Thursday, March 13, 2008

Obama "Can't Win The General Election"

Hillary Clinton's chief campaign strategist Mark Penn made the case today that Obama can't win the general election because he hasn't won the "big" states like Ohio. This follows a statement from another Clinton advisor, Harold Ickes, who argued that Obama's wins in numerous traditionally "red" states also means little in the general election. For those who can't immediately see the flaw in making predictions about the general election that are based on primaries decided solely by Democratic voters, Karl-Thomas Musselman at Burnt Orange Report explains:

Yes, Clinton winning the Texas primary (wait, we can't say that yet) means she will win the state in November! Of course, polling says otherwise and suggests that Obama currently has the state in a tie with McCain while Clinton trails. But maybe that's just because Obama won Texas by the delegates that decide the nomination (wait, sorry, keep forgetting we can't talk about that).

But ok, let's accept that measure of reasoning seeing how history has shown it to be true (insert eye roll). Let's count numbers based upon the states that have been won (without debate or contest, which takes NV & TX (which each claim) and MI & FL off the table for now).

Hillary Clinton Electoral Votes: 180
Barack Obama Electoral Votes: 195

Please be aware that John McCain faces some problems winning the general election because Mitt Romney and Mike Huckabee have now made it impossible for him to win 18 states this November by winning their primaries. His only saving grace is that he won most of the big states in the Republican primary (which does seem to raise a bit of a problem because it is my understanding that those are guaranteed Clinton states in November since she won them in the Democratic primary). Hmm. This seems to be a problem! How can both nominees win the state in the general if they won them in the primary?

In other words, this is ridiculous. Yes, the fact that Obama won some states that are traditionally red and are not likely to go Democratic in the fall should not be overstated. But somehow Clinton is in a better position to the win the general election because she can win states that are borderline or traditional Democratic strongholds against Obama? Where's the support for that? Polls for one flatly contradict such an idea, especially when they suggest that Obama is clearly the better candidate to compete in traditional red states. And states that are reliably Democratic are not likely to suddenly turn red simply because Obama is on the ticket.

Really, this is all just an attempt to muddy the waters. Obama leads in the delegate count and in the popular vote, and this is unlikely to change. The Clinton campaign would like to play with the numbers to convince you that their victories bode well for November, but Obama's do not. But it's simply not true. Obama remains in the best position to win in November.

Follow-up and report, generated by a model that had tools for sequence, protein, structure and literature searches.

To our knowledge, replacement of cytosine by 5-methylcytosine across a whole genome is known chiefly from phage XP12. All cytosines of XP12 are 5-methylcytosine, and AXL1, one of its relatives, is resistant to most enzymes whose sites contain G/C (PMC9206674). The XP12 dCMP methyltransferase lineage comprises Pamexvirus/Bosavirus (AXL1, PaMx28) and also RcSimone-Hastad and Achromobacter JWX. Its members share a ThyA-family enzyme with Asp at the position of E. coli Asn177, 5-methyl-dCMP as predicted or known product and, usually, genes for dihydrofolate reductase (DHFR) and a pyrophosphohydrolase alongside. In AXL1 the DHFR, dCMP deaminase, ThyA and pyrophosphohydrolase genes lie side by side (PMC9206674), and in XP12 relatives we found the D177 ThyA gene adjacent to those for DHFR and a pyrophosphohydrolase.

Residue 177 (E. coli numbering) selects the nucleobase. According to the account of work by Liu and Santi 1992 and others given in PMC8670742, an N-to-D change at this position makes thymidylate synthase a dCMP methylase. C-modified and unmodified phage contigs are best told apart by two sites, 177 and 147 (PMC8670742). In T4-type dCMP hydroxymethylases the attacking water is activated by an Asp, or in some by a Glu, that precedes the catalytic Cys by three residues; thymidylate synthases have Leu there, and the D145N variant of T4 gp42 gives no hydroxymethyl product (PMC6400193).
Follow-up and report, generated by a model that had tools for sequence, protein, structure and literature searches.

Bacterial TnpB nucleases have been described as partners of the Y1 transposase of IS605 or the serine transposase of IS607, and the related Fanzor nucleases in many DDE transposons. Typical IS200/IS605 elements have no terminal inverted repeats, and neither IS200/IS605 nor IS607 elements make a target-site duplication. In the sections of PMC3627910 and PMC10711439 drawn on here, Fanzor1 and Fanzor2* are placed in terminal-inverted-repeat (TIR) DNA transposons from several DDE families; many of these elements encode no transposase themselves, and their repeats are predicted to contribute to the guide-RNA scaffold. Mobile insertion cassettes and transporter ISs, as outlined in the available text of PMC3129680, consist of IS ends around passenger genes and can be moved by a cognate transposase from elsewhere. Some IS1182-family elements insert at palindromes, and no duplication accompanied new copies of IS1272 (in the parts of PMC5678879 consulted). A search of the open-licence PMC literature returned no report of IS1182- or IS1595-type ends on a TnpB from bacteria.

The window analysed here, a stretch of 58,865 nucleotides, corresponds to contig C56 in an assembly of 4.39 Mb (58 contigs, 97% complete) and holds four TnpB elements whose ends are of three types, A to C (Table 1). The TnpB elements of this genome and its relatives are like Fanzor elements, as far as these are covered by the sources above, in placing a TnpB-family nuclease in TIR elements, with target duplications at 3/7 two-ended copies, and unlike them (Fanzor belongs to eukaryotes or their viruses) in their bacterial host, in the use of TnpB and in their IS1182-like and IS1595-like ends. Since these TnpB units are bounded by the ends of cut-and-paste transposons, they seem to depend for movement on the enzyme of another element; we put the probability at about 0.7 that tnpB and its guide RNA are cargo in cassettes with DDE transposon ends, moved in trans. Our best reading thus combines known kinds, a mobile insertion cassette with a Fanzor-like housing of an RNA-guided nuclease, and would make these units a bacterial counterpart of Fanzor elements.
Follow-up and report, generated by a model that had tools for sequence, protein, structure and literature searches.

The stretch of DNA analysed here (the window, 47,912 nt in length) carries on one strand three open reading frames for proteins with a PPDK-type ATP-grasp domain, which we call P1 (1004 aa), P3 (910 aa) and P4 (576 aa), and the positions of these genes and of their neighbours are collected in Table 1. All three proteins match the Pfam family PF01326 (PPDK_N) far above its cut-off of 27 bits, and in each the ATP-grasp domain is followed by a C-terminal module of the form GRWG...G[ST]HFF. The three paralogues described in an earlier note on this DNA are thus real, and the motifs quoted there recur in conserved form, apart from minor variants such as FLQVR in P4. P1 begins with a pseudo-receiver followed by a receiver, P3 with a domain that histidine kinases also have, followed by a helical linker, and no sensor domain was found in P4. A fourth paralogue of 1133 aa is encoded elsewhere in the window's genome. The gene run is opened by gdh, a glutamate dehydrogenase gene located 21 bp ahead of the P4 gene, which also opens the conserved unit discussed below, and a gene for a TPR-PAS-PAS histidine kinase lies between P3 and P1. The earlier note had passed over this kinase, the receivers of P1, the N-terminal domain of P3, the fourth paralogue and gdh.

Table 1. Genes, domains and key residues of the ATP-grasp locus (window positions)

UPDATE: I neglected to mention that I think this strategy is aimed primarily at the super-delegates. No doubt arguments about "electability" and experience are for the primary voter's consumption as well, but the average voter is less likely to sit here and figure out whether Clinton's strong showing in such-and-such state means she's more likely to win the general election. But it is something the super-delegates are probably thinking least those who are inclined to vote against the candidate who has amassed the most pledged delegates and the most votes. I honestly don't think it takes that much thought or brainpower to see through the spin, but then I'm not a Democratic party insider.

UPDATE II: Brendan Nyhan links to other bloggers that try to explain the same concept in more words, but it still comes down to the simple fact that primary results do not translate predictably (if at all) into results in the general election. It just ain't so.

UPDATE III: The Clinton Camp expands on this theme in a memo they released a couple of days ago. Team Obama responds with almost line-by-line rebuttal evidencing great disbelief at the Clinton claims.


adam said...

Their illogic is just sad.

Nat-Wu said...

Well, when you're grasping at straws you have to go with whatever you can reach. The Clinton campaign can't honestly say that despite the delegate count they have the popular vote. They can't say that they actually have a delegate lead. They can't say there's any indication more people want Clinton for President than Obama. So what have they got? An argument that against McCain she'll do better than Obama, even though (and I know they're always unreliable) polls say Obama has a bigger margin against McCain and even has a chance of carrying some red states. Yeah...they have nothing!

TC said...

The current controversy concerning Reverend Wright is an opportunity for Senator Obama to display leadership that could settle the electability question. It's also a test of the determination of his supporters in Texas.